Stem cell researcher generates neurons

Doug Frantz

Assistant Professor Doug E. Frantz of the College of Sciences’ Department of Chemistry has received the Max and Minnie Tomerlin Voelcker Fund’s 2010 “Young Investigator Award.” The award will distribute $450,000 over the next three years. Frantz is the first UTSA researcher to receive the award.

Frantz, along with Drs. Jay Schneider and Jenny Hsieh of the University of Texas Southwestern Medical Center at Dallas, will synthesize drug-like molecules that target stem cells and could help treat heart disease and brain cancer. The drug-like molecules are referred to as isoxazoles and pyrazoles.

Frantz’ research shows promise. Using synthesized isoxazoles, Frantz’ team was able to induce both cardiogenesis and neurogenesis in various stem cell lines (both embryonic and adult stem cells). Cardiogenesis is the development of the heart in the embryo, and neurogenesis is the process by which neurons are generated in the brain.

“We are also studying pyrazoles since they are structurally similar to isoxazoles, but may have improved drug-like characteristics,” Frantz said.

“We have generated some preliminary data on using our small molecules to go after cancer stem cells as well as a potential new treatment paradigm for brain cancer,” Frantz said.

Many people have the misconception that stem cells are blank cells that have the ability to become any other type of cell. Actually, there are several different types drugs per se, but to use them as of stems cells. “Pluripotent stem cells can differentiate into nearly all cell types. However, multipotent stem cells can only differentiate into closely related cell types based on their lineage,” Frantz said.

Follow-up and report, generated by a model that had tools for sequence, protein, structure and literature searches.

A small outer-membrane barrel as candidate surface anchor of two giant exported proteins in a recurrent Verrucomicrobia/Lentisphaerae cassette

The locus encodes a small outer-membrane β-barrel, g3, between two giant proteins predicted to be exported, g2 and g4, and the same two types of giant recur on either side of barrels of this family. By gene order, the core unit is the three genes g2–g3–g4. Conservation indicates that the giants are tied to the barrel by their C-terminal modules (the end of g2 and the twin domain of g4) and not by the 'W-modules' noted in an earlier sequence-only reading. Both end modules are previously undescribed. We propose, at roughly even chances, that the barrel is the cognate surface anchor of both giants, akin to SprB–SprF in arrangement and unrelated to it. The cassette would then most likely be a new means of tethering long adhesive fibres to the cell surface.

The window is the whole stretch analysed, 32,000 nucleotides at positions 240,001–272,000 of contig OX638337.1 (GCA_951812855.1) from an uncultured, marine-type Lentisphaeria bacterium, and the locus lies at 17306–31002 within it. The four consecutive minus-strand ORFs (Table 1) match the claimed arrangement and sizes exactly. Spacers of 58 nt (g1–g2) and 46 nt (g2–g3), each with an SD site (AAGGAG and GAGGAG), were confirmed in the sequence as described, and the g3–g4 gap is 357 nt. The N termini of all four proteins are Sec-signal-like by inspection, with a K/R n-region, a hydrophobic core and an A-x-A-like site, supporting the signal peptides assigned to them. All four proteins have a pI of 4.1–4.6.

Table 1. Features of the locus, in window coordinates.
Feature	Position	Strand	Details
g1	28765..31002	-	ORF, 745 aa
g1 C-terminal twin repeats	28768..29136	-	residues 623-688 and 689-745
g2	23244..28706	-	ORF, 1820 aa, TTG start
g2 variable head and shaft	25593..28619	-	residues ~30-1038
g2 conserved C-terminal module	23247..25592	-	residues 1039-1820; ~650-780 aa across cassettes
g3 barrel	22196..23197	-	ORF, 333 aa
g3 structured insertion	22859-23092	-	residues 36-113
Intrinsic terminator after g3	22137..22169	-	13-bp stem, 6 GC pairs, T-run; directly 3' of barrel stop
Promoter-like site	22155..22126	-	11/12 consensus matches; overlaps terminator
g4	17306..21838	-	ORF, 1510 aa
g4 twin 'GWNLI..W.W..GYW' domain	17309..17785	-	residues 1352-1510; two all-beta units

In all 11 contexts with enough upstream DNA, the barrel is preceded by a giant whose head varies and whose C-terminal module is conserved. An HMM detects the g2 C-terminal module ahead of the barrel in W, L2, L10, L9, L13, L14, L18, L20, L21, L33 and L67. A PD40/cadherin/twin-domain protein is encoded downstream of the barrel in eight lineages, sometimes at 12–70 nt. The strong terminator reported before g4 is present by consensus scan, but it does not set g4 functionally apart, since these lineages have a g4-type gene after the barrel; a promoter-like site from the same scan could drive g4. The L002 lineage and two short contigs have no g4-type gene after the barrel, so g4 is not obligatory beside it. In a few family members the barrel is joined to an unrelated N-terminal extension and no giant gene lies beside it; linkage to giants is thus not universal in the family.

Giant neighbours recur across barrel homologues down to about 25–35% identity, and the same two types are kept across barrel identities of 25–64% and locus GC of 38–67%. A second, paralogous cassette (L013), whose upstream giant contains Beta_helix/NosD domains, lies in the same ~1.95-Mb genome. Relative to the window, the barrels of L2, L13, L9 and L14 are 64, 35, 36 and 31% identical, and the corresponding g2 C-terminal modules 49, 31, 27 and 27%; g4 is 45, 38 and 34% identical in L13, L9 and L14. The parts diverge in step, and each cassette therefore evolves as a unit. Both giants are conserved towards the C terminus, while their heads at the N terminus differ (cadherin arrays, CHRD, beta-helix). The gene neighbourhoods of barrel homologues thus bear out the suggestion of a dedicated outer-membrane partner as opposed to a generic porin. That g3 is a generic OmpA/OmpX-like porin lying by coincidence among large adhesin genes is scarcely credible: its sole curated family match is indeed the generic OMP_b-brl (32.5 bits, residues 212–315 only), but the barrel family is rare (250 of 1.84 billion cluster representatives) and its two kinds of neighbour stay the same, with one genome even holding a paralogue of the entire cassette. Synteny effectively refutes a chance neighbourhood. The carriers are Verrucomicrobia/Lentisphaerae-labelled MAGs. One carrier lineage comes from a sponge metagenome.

The team is investigating exactly how the molecules induce stem cells to differentiate into various cell types.

“If we can figure out the biological mechanisms that control stem cell differentiation using our small molecules, it would be a huge breakthrough in stem cell biology,” Frantz said.

Isoxazoles is already in use in other medicine, such as Valdecoxib, which was taken off the market for the potential to increase heart attack and stroke.

Frantz said that we are a long way from studying our small molecules in humans and trying to predict potential side-effects would be premature.

“There is no scientific basis to guess at potential side-effects by simply comparing the structures of two drugs, it is much more complicated than that,” Frantz said.

Before testing the medicinal qualites of the small molecules on humans, Frantz said that it is best if they understand stem cell biology.

“Our goal is not really to develop our current molecules into molecular probes to shed light on the current black box of stem cell biology. If we can eventually develop our molecules into threapies for regenerative medicine, that would just be icing on the cake,” Frantz said.

Frantz explains that their research could assist in other areas as well.

“The potential to extend this to a number of neurogodegenerative disease including Alzheimer’s and Parkinson’s is high on our list,” Frantz said.

He also explained that the work in cardiogenesis could have huge implications for treating patients with heart disease or those who have suffered from a heart attack.< o:p>

UTSA President Ricardo Romo credits the growth of UTSA into a premier research university to partners like the Voelchker Fund.

“By supporting research in its own backyard, the Voelchker Fund is providing a great opportunity to San Antonio medical researchers and particularly UTSA,” Romo said.

In 2009, the Voelchker Fund awarded its “Young Investigator Award” to researchers making significant research contributions that advance clinical treatments in the areas of heart disease, cancer, arthritis, muscular dystrophy and maculative degeneration of the retina.